Netanyahu denies settlement halt after Jordan summit: ‘There won’t be any freeze’

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Netanyahu denies settlement halt after Jordan summit: ‘There won’t be any freeze’

A joint statement signed by Israel, U.S., Palestinan Authority, Jordan and Egypt said Israel had agreed to 'stop discussion of any new settlement units for four months'

Israeli Prime Minister Netanyahu and Finance Minister Smotrich, February 2023. Photo: Kobi Gideon (GPO)
Israeli Prime Minister Netanyahu and Finance Minister Smotrich, February 2023. Photo: Kobi Gideon (GPO)

Prime Minister Benjamin Netanyahu issued a statement on Sunday, denying that Israel had agreed to a settlement freeze at an international summit in Jordan. 

Following the summit in Aqaba, Jordan, in which Israel, the Palestinian Authority, Egypt and the U.S. participated, a joint communique was issued, stating that Israel had agreed to “stop discussion of any new settlement units for four months and to stop authorisation of any outposts for six months.”

This comes after Israel announced earlier this month that it was moving forward with legalising nine illegal settlement outposts in the West Bank, as well as approving roughly 10,000 new units in other settlements.

Shortly after the statement was released by the White House, Netanyahu denied the pledge, saying “the building and authorisation in Judea and Samaria will continue according to the original planning and building schedule, with no change. There is not and will not be any freeze.”

National Security Council Director Tzachi Hanegbi, who was part of the Israeli delegation, issued a similar statement, saying: “Contrary to reports and tweets about the meeting in Jordan, there is no change in Israeli policy.”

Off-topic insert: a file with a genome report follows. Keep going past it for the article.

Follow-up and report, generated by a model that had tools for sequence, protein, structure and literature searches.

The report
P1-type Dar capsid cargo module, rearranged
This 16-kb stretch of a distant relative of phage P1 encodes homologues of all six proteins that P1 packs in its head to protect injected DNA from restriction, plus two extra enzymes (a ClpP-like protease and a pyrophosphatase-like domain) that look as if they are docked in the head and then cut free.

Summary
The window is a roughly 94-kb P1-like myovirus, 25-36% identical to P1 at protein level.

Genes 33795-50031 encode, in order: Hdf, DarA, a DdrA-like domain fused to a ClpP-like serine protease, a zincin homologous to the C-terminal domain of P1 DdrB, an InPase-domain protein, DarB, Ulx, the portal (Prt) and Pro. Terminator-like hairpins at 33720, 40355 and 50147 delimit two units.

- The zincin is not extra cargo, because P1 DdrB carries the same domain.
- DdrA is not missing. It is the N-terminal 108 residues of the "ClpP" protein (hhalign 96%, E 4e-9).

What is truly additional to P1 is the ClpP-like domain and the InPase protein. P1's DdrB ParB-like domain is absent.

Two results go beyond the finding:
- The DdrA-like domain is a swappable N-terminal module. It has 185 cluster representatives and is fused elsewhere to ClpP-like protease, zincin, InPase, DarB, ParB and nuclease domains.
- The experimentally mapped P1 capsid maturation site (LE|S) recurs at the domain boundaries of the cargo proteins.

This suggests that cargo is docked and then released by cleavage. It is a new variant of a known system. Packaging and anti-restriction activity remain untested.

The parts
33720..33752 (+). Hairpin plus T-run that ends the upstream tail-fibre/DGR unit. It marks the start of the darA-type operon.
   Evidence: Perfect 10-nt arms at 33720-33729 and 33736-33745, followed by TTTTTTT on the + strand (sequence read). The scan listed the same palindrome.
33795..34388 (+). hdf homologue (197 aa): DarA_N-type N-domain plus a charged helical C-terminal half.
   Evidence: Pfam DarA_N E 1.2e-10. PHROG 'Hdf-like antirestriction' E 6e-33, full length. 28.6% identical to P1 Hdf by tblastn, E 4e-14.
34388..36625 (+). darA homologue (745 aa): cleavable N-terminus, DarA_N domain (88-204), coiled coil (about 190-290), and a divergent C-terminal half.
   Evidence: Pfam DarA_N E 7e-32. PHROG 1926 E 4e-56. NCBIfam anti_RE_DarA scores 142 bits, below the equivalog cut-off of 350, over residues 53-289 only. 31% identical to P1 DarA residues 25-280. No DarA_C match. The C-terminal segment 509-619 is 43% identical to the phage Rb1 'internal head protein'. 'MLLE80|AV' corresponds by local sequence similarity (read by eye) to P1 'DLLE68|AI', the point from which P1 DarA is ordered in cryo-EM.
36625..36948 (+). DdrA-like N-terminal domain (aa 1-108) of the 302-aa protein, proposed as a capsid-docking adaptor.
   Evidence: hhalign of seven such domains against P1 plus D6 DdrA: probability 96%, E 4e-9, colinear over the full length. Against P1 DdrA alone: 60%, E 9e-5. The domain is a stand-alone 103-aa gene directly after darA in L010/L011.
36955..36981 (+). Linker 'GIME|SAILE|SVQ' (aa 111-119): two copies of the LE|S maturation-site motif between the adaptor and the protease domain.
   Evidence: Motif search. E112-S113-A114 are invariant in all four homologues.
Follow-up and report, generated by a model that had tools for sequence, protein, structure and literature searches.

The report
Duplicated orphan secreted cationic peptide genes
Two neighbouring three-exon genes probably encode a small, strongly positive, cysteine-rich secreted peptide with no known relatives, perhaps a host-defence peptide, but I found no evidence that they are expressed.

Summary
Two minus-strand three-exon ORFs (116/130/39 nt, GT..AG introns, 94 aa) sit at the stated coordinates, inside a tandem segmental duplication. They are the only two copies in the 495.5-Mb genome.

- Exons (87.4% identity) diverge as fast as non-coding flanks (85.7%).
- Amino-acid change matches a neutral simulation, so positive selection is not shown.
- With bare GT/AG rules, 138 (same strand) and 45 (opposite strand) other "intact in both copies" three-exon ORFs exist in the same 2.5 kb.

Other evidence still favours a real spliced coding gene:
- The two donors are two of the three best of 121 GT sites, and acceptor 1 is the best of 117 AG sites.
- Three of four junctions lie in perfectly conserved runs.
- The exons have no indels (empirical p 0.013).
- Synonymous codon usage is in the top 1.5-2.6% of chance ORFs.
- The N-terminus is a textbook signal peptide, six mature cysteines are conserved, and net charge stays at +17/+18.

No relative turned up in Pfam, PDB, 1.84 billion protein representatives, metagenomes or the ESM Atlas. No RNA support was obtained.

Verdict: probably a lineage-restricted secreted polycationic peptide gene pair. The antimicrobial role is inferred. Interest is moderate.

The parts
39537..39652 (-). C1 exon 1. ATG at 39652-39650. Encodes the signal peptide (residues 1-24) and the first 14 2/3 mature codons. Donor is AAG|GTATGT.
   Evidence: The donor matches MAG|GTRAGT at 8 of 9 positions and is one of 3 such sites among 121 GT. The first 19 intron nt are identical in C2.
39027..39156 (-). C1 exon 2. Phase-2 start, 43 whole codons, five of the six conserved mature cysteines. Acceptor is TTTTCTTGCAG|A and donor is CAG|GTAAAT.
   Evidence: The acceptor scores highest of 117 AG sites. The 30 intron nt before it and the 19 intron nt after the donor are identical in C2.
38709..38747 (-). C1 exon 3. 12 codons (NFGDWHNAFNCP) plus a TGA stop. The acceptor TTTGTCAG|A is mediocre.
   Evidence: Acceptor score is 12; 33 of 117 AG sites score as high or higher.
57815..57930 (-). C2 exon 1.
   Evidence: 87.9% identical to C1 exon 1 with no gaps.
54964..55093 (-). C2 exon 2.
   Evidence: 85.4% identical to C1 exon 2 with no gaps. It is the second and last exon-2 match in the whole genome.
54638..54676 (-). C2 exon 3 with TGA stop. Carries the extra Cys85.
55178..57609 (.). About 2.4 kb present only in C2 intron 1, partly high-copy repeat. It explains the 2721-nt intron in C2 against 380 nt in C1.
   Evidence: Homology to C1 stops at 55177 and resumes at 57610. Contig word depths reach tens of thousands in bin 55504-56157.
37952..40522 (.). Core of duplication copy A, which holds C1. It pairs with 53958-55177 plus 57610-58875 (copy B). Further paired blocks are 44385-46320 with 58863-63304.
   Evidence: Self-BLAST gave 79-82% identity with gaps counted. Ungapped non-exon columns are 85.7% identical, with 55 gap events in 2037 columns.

“In the coming months, the State of Israel will authorize nine outposts and approve 9,500 new housing units in Judea and Samaria. There is no construction freeze or change in the status quo on the Temple Mount; neither is there any restriction on IDF activity,” Hanegbi added.

The meeting in Aqaba was an attempt to lower the flames between Israelis and Palestinians. Over 60 Palestinians have been killed in 2023 alone, most of whom Israel says were either directly or indirectly involved in terrorism.

As the meeting in Aqaba took place, two Israeli civilians were killed in a terror attack in the West Bank. Finance Minister Smotrich and Likud lawmaker Danny Danon demanded that the Israeli delegation return from the summit “immediately” following the attack.

Smotrich, who said he had ni clue what was discussed at the “superfluous” summit, said there wouldn’t be a freeze in settlement construction for whatsoever.

Ben-Gvir also dismissed what was agreed upon in the summit, saying “What happened in Jordan (if it happened), will remain in Jordan.”

The joint communique also stated that all parties “recognise the importance of upholding unchanged the historic status quo at the holy sites in Jerusalem in word and practice, and emphasises in this regard the Hashemite Custodianship / special role of Jordan.”

Israeli security experts have warned in recent months that the already escalating situation between the Israelis and Palestinians might explode during the upcoming month of Ramadan, where thousands of Palestinians visit the Al-Aqsa mosque on the Temple Mount.

Previous years have seen severe clashes on the Temple Mount during Ramadan between Israeli security forces and Palestinians.

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